This book addresses selected central questions in phenomenological psychology, a discipline that investigates the experience of self that emerges over the course of an individual's life, while also outlining a new method, the formal indication, as a means of accessing personal experience while remaining faithful to its uniqueness. In phenomenological psychology, the psyche no longer refers to an isolated self that remains unchanged by life's changing situations, but is rather a phenomenon (ipseity) which manifests itself and constantly takes form over the course of a person's unique existence. Thus, the formal indication allows us to study the way in which ipseity relates to the world in different situations, in a way that holds different meanings for different people.
Based on this new approach, phenomenological psychotherapy marks a transition from a mode of grasping the truth about oneself through reflection, to a mode of accessing the disclosure of self through a work of self-transformation (the care of self) that requires the person to actually change her position on herself.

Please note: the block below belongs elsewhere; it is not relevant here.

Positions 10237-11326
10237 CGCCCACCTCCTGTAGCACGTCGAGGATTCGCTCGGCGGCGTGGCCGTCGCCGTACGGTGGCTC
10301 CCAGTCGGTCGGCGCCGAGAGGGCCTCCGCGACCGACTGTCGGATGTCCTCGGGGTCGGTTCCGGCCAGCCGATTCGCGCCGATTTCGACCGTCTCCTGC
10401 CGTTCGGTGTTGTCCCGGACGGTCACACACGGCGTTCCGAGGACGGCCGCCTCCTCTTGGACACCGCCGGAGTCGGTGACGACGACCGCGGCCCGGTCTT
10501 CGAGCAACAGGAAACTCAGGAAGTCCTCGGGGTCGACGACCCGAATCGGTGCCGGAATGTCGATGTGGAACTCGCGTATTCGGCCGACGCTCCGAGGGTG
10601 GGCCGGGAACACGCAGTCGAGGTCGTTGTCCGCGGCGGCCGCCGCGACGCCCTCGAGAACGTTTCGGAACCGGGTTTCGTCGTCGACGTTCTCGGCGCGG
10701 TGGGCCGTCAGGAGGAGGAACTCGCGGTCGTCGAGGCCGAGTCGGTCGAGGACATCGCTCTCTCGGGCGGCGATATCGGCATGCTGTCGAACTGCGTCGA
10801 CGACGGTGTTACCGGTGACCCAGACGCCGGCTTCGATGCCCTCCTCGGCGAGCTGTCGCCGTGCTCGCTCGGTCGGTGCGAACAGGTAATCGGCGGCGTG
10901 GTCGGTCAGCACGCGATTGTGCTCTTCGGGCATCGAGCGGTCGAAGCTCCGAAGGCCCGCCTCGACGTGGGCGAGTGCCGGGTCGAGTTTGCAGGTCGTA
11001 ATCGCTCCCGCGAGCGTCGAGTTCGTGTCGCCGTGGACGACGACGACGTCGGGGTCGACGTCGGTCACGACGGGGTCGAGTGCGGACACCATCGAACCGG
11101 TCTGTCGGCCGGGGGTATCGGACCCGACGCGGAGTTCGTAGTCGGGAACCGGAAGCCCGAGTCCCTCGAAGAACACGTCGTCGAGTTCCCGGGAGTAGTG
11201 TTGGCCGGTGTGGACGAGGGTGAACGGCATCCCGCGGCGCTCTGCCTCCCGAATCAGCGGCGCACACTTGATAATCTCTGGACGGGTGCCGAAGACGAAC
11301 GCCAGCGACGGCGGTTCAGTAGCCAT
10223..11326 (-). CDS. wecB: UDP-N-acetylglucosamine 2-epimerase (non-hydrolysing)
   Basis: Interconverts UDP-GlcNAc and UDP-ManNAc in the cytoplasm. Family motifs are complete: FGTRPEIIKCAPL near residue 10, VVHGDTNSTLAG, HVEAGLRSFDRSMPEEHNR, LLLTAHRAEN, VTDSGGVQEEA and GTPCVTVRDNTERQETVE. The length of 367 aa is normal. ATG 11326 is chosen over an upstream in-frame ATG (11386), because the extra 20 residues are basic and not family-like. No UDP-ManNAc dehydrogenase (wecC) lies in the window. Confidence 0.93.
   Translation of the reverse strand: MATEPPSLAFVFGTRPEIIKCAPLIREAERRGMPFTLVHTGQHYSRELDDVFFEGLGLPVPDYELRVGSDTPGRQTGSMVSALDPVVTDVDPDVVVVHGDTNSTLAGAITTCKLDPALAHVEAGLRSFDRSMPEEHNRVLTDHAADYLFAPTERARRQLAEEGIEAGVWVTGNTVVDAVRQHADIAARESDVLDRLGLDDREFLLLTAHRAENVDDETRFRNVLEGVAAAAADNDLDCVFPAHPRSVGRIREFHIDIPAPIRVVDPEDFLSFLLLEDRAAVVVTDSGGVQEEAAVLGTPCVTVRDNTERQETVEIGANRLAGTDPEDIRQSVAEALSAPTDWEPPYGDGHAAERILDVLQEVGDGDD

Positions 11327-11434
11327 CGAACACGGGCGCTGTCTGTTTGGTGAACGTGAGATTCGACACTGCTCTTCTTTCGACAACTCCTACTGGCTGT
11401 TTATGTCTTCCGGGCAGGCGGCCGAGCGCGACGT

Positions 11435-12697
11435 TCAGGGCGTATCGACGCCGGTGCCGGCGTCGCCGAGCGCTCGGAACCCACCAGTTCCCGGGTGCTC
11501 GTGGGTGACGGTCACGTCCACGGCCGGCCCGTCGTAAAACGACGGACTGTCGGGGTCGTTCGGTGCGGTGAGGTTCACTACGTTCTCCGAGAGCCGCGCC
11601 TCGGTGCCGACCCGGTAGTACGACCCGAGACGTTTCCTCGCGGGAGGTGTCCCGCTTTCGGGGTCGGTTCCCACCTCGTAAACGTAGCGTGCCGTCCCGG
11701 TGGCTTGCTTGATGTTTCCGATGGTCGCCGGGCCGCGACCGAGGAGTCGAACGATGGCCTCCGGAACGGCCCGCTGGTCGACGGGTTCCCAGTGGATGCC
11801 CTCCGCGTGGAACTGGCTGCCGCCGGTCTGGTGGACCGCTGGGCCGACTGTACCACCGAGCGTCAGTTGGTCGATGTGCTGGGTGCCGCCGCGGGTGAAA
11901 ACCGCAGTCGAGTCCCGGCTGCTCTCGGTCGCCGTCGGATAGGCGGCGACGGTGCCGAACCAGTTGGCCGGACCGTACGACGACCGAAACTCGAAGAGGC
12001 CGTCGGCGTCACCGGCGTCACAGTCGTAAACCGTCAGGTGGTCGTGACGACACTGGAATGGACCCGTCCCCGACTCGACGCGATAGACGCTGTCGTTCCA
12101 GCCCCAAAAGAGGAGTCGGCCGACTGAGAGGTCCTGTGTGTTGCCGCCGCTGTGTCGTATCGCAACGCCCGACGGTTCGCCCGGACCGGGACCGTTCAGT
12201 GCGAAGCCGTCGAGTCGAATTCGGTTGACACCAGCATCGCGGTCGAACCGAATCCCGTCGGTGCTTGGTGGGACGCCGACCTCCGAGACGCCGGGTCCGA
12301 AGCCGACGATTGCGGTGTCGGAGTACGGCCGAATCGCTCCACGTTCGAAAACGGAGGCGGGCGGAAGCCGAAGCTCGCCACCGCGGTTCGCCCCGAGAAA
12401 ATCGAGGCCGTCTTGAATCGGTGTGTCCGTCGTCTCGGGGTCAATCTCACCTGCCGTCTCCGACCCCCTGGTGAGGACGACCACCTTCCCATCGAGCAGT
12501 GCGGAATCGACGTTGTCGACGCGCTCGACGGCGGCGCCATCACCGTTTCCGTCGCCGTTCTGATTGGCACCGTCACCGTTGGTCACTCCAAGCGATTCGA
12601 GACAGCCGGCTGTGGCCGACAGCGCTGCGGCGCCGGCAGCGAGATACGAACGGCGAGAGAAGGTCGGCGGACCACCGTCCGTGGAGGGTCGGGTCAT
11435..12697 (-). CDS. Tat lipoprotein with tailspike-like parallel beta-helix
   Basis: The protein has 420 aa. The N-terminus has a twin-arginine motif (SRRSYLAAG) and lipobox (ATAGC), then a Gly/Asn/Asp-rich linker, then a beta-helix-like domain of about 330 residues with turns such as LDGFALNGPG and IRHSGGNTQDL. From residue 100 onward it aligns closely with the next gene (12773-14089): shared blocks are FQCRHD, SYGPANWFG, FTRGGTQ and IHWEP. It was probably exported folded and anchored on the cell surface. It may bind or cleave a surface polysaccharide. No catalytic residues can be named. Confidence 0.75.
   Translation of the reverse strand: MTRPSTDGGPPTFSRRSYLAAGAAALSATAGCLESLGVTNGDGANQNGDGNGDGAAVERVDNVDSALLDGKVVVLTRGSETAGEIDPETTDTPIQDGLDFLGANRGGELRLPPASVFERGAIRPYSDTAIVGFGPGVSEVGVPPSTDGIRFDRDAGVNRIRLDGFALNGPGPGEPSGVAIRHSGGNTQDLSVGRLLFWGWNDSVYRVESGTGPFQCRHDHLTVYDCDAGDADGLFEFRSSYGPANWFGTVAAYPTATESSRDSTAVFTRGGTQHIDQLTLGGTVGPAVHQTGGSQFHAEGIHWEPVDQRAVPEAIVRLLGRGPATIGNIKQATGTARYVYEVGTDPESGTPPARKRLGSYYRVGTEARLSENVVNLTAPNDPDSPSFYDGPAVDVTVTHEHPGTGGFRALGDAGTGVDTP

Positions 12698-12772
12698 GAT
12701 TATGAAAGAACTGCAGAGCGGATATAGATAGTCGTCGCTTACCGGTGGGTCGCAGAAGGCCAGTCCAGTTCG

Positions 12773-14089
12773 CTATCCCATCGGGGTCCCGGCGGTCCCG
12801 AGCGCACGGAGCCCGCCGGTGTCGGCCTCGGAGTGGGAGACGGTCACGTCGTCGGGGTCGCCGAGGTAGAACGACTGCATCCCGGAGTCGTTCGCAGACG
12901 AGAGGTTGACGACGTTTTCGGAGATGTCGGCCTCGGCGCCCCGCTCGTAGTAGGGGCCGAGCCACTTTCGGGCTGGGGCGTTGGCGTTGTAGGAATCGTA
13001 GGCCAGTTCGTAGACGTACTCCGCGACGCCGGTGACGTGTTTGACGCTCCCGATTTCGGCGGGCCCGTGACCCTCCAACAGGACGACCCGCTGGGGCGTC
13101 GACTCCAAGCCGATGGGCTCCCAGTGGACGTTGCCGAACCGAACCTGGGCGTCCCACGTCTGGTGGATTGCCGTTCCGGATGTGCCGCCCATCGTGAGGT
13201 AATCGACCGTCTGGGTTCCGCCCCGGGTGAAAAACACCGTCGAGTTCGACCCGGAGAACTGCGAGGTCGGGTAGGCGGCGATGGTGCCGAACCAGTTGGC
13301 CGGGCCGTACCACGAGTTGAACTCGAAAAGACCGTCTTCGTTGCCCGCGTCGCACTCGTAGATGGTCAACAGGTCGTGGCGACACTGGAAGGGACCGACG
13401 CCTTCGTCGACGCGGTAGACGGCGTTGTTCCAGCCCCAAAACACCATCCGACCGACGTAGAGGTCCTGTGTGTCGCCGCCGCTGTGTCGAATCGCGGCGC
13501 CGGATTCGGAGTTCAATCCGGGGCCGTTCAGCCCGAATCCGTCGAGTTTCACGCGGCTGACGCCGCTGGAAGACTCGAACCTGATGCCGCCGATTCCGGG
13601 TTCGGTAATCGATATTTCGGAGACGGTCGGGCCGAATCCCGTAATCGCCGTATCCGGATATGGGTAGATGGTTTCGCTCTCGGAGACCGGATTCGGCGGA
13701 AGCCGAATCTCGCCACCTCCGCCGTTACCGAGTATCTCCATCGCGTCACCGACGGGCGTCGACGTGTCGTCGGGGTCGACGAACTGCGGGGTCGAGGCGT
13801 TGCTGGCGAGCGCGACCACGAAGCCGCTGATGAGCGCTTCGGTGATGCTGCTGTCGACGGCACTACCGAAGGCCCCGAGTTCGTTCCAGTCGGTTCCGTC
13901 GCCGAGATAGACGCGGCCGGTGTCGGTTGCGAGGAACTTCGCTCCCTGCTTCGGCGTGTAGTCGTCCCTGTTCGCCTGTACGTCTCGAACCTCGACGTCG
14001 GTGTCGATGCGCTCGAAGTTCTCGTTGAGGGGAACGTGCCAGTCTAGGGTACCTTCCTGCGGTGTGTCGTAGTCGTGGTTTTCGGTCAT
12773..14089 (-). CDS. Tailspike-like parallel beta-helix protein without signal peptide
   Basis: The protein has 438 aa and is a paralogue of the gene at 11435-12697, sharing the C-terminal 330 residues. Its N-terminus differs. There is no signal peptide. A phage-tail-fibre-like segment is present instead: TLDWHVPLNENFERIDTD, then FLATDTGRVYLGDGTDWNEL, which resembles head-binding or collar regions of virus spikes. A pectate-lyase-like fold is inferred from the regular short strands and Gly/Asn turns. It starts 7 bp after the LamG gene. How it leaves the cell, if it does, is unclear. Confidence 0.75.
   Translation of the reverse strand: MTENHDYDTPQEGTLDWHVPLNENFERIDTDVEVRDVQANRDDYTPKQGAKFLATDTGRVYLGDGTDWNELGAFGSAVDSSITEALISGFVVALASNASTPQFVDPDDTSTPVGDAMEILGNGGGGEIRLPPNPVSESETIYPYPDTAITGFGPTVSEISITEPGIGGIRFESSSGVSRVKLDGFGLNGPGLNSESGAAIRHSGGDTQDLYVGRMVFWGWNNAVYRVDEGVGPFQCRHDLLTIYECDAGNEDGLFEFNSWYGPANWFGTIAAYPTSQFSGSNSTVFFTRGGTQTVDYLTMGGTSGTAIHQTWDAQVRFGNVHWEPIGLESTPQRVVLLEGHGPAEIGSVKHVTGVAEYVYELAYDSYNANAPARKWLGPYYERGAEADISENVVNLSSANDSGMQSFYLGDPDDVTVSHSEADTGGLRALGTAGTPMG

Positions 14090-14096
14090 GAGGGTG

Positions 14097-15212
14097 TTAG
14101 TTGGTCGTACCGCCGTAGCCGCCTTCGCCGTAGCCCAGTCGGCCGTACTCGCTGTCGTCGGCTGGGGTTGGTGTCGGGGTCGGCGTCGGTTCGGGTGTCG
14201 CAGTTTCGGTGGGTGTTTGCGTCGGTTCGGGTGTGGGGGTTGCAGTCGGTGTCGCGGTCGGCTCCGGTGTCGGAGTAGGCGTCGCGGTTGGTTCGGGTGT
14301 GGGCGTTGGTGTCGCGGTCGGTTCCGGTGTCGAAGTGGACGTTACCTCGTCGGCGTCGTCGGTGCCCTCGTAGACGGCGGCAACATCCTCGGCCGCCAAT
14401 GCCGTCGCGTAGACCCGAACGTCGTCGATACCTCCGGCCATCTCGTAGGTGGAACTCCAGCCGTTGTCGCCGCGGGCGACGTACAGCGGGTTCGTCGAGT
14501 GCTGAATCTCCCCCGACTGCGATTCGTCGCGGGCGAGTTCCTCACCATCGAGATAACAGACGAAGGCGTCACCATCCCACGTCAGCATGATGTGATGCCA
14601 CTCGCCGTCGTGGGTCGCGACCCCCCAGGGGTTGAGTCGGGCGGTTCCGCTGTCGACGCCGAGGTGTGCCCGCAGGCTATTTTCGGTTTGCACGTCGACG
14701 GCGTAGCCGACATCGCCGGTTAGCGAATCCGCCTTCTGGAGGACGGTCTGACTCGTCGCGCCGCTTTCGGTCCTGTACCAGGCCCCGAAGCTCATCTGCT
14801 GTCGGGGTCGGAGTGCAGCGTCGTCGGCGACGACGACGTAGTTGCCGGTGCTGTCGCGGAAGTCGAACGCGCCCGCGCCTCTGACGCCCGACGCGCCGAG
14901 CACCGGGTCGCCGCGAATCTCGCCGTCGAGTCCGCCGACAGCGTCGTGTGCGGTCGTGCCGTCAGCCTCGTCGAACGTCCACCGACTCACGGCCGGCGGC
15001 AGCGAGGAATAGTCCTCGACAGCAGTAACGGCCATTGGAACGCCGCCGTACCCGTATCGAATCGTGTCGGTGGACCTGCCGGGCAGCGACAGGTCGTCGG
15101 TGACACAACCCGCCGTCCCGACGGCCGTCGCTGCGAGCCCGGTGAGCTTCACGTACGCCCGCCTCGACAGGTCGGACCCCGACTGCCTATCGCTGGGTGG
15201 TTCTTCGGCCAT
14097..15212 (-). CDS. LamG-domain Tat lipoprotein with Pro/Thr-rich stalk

By putting forward this method, the authors shed new light on the dynamic interplay between a person's historicity and uniqueness on the one hand, and the related physiopathological mechanisms on the other, providing evidence from the fields of genetics, cardiology, the neurosciences and psychiatry. The book will appeal to a broad readership, from psychiatrists, psychologist and psychotherapists, to researchers in these fields.